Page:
The problem mostly doesn't lie with
quote per se.
quote is secure if used properly (although it's not the best choice in this situation). However, if
param is the
param from CGI.pm, or from anything else that has similar behavior, you have a big problem.
param is context-sensitive. In scalar context, if the parameter has a single value (
name=foo), it returns that value, and if the parameter has multiple values (
name=foo&name=bar) it returns an arrayref. In list context, it returns a list of values, whether there are zero, one, or many. The argument list of a method (such as
quote) is a list context. That means that someone using your app can cause
quote to receive two values, and
quote's optional second argument is an SQL data type that the first argument should be treated as. If the data type is a non-string type like
quote will pass its first argument through without any quoting. This constitutes an opportunity for SQL injection.
quote is safe when used properly, placeholders are better, safer, and harder to use wrong. Use DBI placeholders whenever possible, instead of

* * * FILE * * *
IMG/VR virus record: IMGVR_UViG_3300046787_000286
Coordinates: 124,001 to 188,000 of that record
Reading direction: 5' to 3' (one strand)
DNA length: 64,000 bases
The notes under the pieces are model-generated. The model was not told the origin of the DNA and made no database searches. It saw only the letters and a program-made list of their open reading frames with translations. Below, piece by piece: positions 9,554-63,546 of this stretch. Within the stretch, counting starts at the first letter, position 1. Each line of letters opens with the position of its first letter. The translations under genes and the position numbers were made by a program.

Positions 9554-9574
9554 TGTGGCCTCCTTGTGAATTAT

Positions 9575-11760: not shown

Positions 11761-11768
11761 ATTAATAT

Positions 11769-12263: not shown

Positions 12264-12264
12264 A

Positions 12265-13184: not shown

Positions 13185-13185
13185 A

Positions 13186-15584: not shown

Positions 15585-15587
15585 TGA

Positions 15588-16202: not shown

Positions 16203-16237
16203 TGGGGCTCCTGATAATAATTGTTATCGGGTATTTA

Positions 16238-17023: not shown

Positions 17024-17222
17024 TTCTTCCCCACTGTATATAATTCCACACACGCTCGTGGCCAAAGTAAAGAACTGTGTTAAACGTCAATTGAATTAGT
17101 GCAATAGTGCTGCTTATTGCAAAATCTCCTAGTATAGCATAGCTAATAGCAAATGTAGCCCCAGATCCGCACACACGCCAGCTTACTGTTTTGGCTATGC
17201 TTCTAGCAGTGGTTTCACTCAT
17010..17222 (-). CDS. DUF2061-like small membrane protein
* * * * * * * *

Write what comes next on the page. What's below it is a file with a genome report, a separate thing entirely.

Don't use CGI's
param in argument lists, hash constructors, or any other place where it could return an unexpected number of items and ruin your day. Either put
scalar out front, assign to a scalar, or assign to an array. Or, better yet, avoid CGI.pm and workalike interfaces entirely.
Don't store passwords as plaintext in the database. If anyone ever does get access to parts of your database, your users' passwords will be exposed to them. Passwords should be hashed and there are good, easy-to-use Perl modules for doing so (Authen::Passphrase comes to mind).
Don't pass passwords as URL parameters. URLs are easily leaked through HTTP referers, browser history, careless copy/paste, etc. Passwords should be POSTed in forms, preferably over a secure connection.